By Marty Appel
Before Pat Gillick, the last pure executive inducted into the Hall of Fame was George Weiss, best known as Casey Stengel’s general manager on the Yankees and the Mets. Weiss was selected in 1971, five years after his retirement from the game and a year before his death.
Weiss, a native of New Haven, Connecticut and a product of Yale University, got into baseball in 1914 with a semipro team in his hometown that used to play exhibitions against Major League teams, luring the likes of Ty Cobb and Babe Ruth to his small ballpark.
In 1919 he entered Organized Baseball by acquiring the Eastern League’s New Haven franchise. Four years later, fate intervened. He was in the upper berth of a Pullman car en route to the Winter Meetings, with his manager, Wild Bill Donovan, in the lower berth. It was against protocol; the “boss” should have had the lower. But Donovan was already asleep when Weiss arrived, so he climbed into the upper.
A horrific train wreck near Forsyth, New York claimed Donovan’s life and eight others, but not Weiss’s. He would forever live knowing that somehow, it could have been him.
After running the Baltimore Orioles (International League), Weiss was hired by the Yankees in 1932 to develop a farm system, in the style of Branch Rickey’s Cardinals operation. He served under Col. Jacob Ruppert and Ed Barrow in that capacity for 15 years, helping to feed the roster with thoughtful signings and minor league development throughout the Joe McCarthy era.
In 1945, the team was sold to Dan Topping, Del Webb and Larry MacPhail, and in the celebratory party following the 1947 World Series, known forever after as the “Battle of the Biltmore”, MacPhail overindulged and wound up clobbering Weiss and firing him.
The next day, Topping and Webb bought out MacPhail’s interest and “rehired” Weiss as general manager. A year later, Weiss brought Casey Stengel to New York to manage the Yankees. The two of them went back to Eastern League days, when Stengel had embarked on his managing career at Worcester, Massachusetts.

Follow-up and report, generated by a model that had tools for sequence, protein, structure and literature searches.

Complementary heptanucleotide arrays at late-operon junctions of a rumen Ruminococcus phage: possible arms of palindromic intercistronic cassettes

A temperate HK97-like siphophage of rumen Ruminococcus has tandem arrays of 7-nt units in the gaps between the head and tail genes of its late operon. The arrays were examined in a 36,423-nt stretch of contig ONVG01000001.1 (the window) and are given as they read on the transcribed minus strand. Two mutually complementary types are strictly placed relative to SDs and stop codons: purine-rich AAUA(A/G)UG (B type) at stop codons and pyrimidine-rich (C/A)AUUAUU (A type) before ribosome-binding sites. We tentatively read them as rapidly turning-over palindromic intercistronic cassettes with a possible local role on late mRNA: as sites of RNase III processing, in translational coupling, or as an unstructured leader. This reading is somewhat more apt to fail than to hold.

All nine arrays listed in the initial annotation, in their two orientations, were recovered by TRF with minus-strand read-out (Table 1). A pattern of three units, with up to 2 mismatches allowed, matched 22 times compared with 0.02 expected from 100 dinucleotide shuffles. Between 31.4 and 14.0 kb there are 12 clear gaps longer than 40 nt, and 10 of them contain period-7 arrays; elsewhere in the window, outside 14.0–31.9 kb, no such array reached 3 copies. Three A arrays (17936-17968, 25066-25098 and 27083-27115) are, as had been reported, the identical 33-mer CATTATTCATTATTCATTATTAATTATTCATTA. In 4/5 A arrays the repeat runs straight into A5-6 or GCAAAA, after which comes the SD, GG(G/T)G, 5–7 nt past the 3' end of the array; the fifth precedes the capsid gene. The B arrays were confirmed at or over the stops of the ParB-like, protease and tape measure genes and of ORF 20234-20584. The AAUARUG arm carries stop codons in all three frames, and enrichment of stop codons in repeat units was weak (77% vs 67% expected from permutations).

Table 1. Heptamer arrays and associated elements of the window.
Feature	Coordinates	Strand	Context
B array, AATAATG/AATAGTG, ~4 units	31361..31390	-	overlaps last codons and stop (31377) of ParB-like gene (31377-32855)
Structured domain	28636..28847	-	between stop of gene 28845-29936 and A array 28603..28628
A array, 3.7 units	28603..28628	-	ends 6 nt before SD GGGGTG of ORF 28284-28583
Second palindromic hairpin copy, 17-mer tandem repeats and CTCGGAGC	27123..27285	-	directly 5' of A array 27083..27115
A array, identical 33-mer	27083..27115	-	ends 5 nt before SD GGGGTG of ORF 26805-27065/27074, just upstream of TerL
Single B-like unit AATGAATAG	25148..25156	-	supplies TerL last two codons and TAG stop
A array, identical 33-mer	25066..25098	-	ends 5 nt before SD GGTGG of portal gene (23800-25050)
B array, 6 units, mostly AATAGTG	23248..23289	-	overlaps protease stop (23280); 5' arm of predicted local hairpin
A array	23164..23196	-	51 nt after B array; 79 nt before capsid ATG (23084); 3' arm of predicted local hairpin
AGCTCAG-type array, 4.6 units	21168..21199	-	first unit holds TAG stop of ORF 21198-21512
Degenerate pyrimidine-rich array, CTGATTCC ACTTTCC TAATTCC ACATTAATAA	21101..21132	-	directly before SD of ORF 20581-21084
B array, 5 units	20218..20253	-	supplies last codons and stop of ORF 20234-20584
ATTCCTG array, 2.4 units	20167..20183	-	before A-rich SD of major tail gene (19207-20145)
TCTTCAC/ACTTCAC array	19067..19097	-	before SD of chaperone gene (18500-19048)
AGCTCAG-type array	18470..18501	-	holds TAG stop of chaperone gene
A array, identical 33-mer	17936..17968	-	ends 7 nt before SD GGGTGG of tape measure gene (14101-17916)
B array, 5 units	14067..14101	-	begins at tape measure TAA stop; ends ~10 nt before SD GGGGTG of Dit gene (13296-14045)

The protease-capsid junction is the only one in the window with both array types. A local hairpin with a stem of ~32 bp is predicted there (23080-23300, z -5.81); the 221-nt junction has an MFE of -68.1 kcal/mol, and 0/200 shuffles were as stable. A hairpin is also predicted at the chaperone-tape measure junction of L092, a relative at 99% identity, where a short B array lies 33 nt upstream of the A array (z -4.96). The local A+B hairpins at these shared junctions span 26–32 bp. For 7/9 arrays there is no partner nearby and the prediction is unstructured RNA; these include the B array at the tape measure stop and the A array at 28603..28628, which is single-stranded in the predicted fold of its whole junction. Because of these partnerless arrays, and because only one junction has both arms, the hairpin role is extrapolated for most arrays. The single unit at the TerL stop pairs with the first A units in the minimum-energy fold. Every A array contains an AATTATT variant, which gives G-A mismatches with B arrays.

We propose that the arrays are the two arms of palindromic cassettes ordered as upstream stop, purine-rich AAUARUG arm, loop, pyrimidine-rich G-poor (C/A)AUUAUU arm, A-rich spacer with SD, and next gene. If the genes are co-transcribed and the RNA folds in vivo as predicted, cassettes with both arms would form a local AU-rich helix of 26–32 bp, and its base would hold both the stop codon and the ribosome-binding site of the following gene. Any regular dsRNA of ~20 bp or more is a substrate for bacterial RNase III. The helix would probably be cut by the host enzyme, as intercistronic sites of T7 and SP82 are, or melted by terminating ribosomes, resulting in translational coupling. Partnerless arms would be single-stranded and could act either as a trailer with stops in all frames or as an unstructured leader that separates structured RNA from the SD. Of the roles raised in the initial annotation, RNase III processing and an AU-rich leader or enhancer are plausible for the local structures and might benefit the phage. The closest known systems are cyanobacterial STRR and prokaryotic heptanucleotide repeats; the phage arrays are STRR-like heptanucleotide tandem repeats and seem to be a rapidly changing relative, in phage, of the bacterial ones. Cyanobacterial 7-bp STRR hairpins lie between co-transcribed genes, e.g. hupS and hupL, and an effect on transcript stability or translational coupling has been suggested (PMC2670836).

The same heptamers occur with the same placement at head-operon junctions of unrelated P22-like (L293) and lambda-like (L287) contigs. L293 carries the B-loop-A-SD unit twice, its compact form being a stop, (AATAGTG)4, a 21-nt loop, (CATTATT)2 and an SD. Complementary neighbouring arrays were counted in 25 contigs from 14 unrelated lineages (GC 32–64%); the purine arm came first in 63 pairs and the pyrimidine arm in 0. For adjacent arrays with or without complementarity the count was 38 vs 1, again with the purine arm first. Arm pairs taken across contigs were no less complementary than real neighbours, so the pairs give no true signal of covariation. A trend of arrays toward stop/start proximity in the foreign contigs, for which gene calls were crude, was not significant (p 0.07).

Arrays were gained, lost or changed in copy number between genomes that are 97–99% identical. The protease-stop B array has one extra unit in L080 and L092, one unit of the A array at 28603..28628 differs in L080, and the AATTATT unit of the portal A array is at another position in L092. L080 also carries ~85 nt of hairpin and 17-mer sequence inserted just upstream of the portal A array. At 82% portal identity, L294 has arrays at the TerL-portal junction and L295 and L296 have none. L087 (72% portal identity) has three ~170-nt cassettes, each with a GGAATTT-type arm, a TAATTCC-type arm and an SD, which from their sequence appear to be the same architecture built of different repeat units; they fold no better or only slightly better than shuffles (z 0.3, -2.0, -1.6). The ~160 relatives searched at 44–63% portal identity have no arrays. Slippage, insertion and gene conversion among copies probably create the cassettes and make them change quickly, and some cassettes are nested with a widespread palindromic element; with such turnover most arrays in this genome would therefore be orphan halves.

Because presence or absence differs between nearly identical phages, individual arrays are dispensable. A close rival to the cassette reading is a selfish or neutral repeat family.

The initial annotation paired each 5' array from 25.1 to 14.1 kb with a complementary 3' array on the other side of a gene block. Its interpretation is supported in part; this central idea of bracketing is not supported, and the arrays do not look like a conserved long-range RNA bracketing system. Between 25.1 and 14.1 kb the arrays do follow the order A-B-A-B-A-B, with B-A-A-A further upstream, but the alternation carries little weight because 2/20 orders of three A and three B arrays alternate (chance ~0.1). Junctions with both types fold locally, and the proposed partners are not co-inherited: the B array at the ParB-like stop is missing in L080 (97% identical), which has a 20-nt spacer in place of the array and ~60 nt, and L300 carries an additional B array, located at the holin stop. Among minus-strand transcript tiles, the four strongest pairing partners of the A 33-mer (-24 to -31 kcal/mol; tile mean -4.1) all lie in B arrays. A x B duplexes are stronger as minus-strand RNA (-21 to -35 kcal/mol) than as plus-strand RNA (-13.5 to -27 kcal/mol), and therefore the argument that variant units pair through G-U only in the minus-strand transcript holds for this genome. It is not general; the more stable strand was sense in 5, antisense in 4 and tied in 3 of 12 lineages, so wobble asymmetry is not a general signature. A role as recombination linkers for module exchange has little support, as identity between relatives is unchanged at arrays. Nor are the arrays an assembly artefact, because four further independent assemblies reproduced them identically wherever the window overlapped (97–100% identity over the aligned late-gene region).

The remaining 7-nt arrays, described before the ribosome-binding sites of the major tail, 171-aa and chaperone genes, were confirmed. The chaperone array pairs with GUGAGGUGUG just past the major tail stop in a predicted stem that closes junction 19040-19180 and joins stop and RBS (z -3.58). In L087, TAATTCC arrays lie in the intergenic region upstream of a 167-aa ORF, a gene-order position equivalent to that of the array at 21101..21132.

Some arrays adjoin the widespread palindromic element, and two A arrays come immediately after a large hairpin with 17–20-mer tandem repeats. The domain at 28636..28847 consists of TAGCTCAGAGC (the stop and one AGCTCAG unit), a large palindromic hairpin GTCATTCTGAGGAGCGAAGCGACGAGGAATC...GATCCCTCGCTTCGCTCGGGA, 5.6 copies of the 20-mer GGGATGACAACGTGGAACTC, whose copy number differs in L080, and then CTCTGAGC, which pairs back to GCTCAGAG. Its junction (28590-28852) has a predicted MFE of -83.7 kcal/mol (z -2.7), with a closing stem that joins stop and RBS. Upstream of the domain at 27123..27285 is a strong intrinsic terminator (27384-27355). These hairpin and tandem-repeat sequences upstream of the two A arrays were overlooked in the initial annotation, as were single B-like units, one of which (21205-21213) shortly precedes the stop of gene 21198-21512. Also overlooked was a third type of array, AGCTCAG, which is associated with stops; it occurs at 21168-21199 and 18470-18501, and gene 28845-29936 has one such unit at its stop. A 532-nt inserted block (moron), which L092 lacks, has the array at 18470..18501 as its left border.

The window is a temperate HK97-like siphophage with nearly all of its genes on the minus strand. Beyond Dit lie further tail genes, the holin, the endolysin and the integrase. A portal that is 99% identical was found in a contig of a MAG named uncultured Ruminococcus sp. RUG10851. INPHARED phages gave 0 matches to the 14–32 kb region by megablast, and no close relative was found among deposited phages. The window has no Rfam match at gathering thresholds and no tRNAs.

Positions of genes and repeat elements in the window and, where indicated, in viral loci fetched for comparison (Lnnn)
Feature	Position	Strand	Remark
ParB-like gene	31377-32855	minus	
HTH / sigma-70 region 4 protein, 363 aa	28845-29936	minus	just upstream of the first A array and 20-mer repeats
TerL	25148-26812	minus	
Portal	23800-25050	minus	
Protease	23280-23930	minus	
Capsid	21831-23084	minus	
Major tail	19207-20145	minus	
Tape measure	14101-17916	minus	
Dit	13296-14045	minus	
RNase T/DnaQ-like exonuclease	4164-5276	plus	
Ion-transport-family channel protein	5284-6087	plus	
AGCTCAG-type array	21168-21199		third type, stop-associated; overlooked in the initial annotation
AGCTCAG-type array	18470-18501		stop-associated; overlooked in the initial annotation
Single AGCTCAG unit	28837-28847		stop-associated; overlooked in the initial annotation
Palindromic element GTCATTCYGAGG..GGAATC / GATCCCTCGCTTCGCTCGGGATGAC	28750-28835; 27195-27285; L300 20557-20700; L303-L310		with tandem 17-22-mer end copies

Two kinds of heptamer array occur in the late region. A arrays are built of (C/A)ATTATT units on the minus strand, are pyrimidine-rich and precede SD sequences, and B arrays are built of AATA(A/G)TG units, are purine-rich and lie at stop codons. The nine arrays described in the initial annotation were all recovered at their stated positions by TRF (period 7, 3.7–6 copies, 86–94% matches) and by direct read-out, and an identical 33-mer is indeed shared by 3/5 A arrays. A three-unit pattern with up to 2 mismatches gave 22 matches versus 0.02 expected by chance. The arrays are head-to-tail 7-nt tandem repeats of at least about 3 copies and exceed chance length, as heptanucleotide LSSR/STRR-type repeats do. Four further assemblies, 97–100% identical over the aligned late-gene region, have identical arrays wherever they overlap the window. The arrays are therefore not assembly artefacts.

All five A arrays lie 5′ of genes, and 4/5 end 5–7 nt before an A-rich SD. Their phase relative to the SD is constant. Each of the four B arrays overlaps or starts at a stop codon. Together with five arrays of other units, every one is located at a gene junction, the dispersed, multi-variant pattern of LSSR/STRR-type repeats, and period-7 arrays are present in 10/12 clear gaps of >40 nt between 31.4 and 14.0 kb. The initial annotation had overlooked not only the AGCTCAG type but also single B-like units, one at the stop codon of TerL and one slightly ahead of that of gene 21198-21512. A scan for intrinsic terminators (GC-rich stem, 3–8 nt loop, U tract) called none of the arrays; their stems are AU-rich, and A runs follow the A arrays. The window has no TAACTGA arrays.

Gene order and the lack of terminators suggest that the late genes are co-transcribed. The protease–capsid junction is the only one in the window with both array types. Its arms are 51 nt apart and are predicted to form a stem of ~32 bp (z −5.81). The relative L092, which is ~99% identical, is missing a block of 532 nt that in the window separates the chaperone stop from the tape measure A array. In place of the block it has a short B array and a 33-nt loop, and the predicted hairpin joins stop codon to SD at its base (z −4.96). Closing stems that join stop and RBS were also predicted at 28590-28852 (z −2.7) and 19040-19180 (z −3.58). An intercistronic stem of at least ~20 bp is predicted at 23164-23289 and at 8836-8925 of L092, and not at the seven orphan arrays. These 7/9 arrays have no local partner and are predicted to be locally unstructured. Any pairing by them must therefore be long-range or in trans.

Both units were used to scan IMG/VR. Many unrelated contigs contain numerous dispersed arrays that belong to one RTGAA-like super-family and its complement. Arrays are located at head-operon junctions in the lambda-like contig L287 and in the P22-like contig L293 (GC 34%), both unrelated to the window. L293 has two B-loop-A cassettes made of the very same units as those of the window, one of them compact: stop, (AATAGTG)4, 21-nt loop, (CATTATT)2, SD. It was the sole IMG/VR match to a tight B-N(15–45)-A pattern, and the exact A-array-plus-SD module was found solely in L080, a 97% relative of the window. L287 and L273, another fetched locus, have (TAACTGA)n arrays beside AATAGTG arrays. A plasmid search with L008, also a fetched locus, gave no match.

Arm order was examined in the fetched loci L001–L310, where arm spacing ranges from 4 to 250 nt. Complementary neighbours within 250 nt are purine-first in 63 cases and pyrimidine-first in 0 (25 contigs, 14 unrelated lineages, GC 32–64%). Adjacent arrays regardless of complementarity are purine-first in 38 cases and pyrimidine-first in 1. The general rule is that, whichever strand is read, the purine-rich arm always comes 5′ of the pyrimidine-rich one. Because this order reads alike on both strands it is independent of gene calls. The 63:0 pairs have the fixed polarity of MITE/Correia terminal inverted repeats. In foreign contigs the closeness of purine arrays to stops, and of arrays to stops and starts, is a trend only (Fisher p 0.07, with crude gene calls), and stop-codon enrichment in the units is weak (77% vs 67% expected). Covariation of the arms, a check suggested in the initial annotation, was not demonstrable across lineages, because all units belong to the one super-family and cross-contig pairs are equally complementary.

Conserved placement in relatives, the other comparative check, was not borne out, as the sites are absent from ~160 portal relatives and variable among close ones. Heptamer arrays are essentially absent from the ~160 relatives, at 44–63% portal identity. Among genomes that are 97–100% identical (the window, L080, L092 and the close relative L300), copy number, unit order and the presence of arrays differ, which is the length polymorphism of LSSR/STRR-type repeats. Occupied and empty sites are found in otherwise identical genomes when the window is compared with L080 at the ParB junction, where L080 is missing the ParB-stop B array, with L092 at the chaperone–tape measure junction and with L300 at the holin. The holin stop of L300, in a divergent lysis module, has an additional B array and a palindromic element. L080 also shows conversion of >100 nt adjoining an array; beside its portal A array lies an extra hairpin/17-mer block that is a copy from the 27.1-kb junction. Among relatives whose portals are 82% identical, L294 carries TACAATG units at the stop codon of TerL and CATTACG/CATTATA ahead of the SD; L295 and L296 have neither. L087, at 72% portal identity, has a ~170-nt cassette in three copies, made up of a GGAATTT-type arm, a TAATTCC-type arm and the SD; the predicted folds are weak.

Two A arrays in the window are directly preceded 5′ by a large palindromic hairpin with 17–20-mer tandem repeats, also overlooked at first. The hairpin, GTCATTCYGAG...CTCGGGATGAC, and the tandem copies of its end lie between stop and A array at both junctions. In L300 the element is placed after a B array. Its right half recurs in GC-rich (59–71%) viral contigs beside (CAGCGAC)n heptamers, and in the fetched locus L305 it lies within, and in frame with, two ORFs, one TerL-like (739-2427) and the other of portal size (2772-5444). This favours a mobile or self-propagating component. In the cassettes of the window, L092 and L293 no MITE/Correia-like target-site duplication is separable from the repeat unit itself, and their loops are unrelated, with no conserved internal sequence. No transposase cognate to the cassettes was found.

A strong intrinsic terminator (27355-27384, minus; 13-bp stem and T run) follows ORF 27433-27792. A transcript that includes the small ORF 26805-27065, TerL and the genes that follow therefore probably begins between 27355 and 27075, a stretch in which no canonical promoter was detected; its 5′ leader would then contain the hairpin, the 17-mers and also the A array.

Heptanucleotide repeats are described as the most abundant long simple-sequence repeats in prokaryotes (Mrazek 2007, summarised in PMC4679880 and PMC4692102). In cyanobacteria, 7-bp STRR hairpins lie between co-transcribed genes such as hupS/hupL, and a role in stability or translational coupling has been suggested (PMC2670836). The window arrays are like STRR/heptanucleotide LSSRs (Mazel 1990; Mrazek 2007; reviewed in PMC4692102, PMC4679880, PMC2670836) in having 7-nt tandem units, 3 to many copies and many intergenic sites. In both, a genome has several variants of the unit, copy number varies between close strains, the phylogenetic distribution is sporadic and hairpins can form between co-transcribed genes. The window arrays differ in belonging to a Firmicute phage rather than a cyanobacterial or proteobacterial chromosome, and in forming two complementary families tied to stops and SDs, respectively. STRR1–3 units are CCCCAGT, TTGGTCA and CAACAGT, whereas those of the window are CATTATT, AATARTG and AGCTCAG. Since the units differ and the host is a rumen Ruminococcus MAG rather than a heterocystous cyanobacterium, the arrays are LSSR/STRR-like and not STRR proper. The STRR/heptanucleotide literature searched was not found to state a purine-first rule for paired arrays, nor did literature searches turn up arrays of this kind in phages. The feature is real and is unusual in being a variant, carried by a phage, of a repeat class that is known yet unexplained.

Together, the Weiss-Stengel team was close to unbeatable for a dozen years, winning ten pennants and seven world championships in the post-war, pre-expansion era of baseball. While the teams were laden with great stars, (Mickey Mantle, Whitey Ford and Yogi Berra among them), Weiss was a distant presence, preferring to run the club without much personal contact with the players.
“I don’t think I ever met him,” said Bobby Richardson, who joined the team in 1955. Weiss usually negotiated with just the top three or four players on the roster, and left the balance to Roy Hamey, his assistant. And those negotiations were often contentious.
When Stengel was dismissed after the 1960 World Series, Weiss was offered a consultant’s role, but he soon left to join Stengel and build the expansion New York Mets. Here, the pairing was still friendly, but on different tracks. While Stengel won over the press by diverting attention from his under-performing teams, Weiss didn’t appreciate the odd romance going on with the fans and the lowly Mets. He worried, he dealt, and he continued to do what he did best – work hard to build a winner. Three years after his retirement, the Mets won the World Series, with a number of players signed on his watch taking the team to unimaginable heights.
If memories of the early Mets bring a smile to fans’ faces, Weiss was not in on the joke. Enjoying the Marv Thronberry days would have gone against everything he’d ever practiced. And when all was said and done, his 19 Yankee pennant winners were a far better indicator of who George Weiss was.